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The Online Debate Over Judge Sotomayor

There once was a time when Supreme Court nominees faced scrutiny only from a Senate confirmation panel. And while the confirmation process proved troublesome for one Justice, for most others the procedure was still fairly benign.

But fast-forward to 21st century. Now it's not merely nominees who come under fire; even potential nominees are fair-game online. Consider, for example, the ongoing controversy over short-lister Sonia Sotomayor, who currently sits on the 2nd Circuit. The brouhaha erupted following a critical profile of Sotomayor by Jeffrey Rosen in The New Republic. Rosen writes:

Over the past few weeks, I've been talking to a range of people who have worked with her, nearly all of them former law clerks for other judges on the Second Circuit or former federal prosecutors in New York. Most are Democrats and all of them want President Obama to appoint a judicial star of the highest intellectual caliber who has the potential to change the direction of the court. Nearly all of them acknowledged that Sotomayor is a presumptive front-runner, but nearly none of them raved about her. They expressed questions about her temperament, her judicial craftsmanship, and most of all, her ability to provide an intellectual counterweight to the conservative justices, as well as a clear liberal alternative.

The most consistent concern was that Sotomayor, although an able lawyer, was "not that smart and kind of a bully on the bench," as one former Second Circuit clerk for another judge put it. "She has an inflated opinion of herself, and is domineering during oral arguments, but her questions aren't penetrating and don't get to the heart of the issue." (During one argument, an elderly judicial colleague is said to have leaned over and said, "Will you please stop talking and let them talk?") Second Circuit judge Jose Cabranes, who would later become her colleague, put this point more charitably in a 1995 interview with The New York Times: "She is not intimidated or overwhelmed by the eminence or power or prestige of any party, or indeed of the media."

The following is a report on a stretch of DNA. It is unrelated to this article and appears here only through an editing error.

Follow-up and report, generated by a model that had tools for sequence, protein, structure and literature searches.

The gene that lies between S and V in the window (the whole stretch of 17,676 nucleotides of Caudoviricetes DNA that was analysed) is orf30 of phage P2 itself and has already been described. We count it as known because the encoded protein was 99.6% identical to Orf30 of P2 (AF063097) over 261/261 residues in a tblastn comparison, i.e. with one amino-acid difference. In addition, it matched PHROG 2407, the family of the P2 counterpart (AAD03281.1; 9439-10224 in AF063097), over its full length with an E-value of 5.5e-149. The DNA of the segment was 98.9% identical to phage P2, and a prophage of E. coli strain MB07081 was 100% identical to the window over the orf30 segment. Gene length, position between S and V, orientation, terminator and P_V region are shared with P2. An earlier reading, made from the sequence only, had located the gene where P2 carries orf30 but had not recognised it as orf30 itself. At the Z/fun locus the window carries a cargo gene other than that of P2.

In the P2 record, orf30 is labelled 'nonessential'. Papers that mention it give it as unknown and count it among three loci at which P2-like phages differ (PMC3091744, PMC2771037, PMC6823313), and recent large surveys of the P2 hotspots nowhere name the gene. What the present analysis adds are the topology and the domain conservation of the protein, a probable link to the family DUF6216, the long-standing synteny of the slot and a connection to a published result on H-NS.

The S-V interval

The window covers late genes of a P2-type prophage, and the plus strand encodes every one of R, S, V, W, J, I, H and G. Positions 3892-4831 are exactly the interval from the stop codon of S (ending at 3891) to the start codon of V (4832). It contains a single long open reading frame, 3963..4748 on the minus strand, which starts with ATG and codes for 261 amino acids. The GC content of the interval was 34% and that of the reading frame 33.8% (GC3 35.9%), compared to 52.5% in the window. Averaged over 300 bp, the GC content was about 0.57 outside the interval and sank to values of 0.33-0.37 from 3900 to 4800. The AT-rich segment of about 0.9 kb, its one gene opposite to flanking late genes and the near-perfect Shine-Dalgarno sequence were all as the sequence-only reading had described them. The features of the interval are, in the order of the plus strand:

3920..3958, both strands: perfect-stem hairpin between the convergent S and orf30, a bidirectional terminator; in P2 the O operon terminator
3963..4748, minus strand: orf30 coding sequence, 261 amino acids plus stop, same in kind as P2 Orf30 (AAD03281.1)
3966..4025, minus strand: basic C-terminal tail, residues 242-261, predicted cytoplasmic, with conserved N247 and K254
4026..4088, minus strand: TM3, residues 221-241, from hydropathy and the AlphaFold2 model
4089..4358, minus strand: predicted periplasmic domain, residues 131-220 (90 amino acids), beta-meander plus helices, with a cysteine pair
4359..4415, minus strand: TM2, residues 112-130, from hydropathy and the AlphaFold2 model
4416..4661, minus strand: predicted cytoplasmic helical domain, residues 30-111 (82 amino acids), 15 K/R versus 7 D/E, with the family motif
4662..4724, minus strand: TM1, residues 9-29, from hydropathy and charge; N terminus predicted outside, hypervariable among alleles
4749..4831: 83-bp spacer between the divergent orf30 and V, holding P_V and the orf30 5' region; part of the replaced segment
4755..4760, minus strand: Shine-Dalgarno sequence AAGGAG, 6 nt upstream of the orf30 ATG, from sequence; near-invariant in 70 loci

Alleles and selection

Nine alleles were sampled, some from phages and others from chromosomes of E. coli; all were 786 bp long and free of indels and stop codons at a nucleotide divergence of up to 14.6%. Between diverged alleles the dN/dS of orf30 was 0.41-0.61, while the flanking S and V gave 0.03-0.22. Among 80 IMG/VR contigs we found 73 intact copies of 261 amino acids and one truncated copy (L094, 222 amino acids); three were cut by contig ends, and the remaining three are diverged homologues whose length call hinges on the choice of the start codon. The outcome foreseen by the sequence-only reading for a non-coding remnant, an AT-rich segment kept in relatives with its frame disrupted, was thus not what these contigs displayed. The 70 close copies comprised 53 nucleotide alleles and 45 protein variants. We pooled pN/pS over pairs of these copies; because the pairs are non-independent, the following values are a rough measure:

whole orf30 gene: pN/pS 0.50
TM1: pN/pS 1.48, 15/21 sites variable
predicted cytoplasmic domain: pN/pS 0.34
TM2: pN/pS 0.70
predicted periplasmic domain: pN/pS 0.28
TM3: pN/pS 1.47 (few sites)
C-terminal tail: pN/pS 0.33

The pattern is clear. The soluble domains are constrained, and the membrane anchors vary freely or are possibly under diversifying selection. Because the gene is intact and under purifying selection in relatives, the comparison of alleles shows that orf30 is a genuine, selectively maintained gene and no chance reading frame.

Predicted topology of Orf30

Rosen also questions Sotomayor's legal capabilities. He writes that former clerks and prosecutors expressed concern about her command of technical details, while others acknowledged her reputation for being "not the brainiest of people."

At least one former Sotomayor law clerk, Gerard Magliocca defends her in a post at Concurring Opinions. Magliocca disputes Rosen's charge that Sotomayor is "a bully" and also says he was impressed by her intellect.

In addition to being criticized for his accuracy, Jeffrey Rosen is also being taken to task for his reliance on anonymous sources. At Salon.com, Glenn Greenwald asserts that:

Jeffrey Rosen's New Republic smear of Sonia Sotomayor's intellect and character -- based almost exclusively on anonymous, gossiping "sources" -- is such a model of shoddy, irresponsible, and (ironically enough) intellectually shallow "journalism" that it ought to be studied carefully. Standing alone, it reveals quite a bit about anonymity-dependent "reporting" generally, The New Republic specifically, and how much of our political discourse is conducted.

Likewise, Scott Greenfield Simple Justice labels the law clerks "anonymous cowards," writing:

Who exactly are these young men and women to offer opinions on Judge Sotomayor's general intellectual prowess? No doubt they see themselves as brilliant, as every circuit clerk does, and far better able to comprehend than the doddering old fools in robes for whom they work. Do we all share their high opinion of themselves, such that they are entitled to question the intellect of a circuit judge? Even if accurate, does this reflect what we, as opposed to they, find important in a Supreme Court Justice? I sense that we might not all share the same vision of critical attributes that the Scions of Eli hold dear. I bet some of us would happily trade some pragmatism for intellect any day, not that I'm suggesting that would be the case. And we certainly know that the current writing on the court leaves much to be desired.

Is Judge Sotomayor a special case, or is this the kind of reporting and controversy that we can expect as the President's nomination process moves forward? Law professor Paul Campos' Daily Beast post on Sotomayor and fellow potential candidate Elena Kagan, "Fat Judges Need Not Apply," suggests we've only seen the beginning.

Posted by Carolyn Elefant on May 5, 2009 at 03:28 PM | Permalink | Comments (0)

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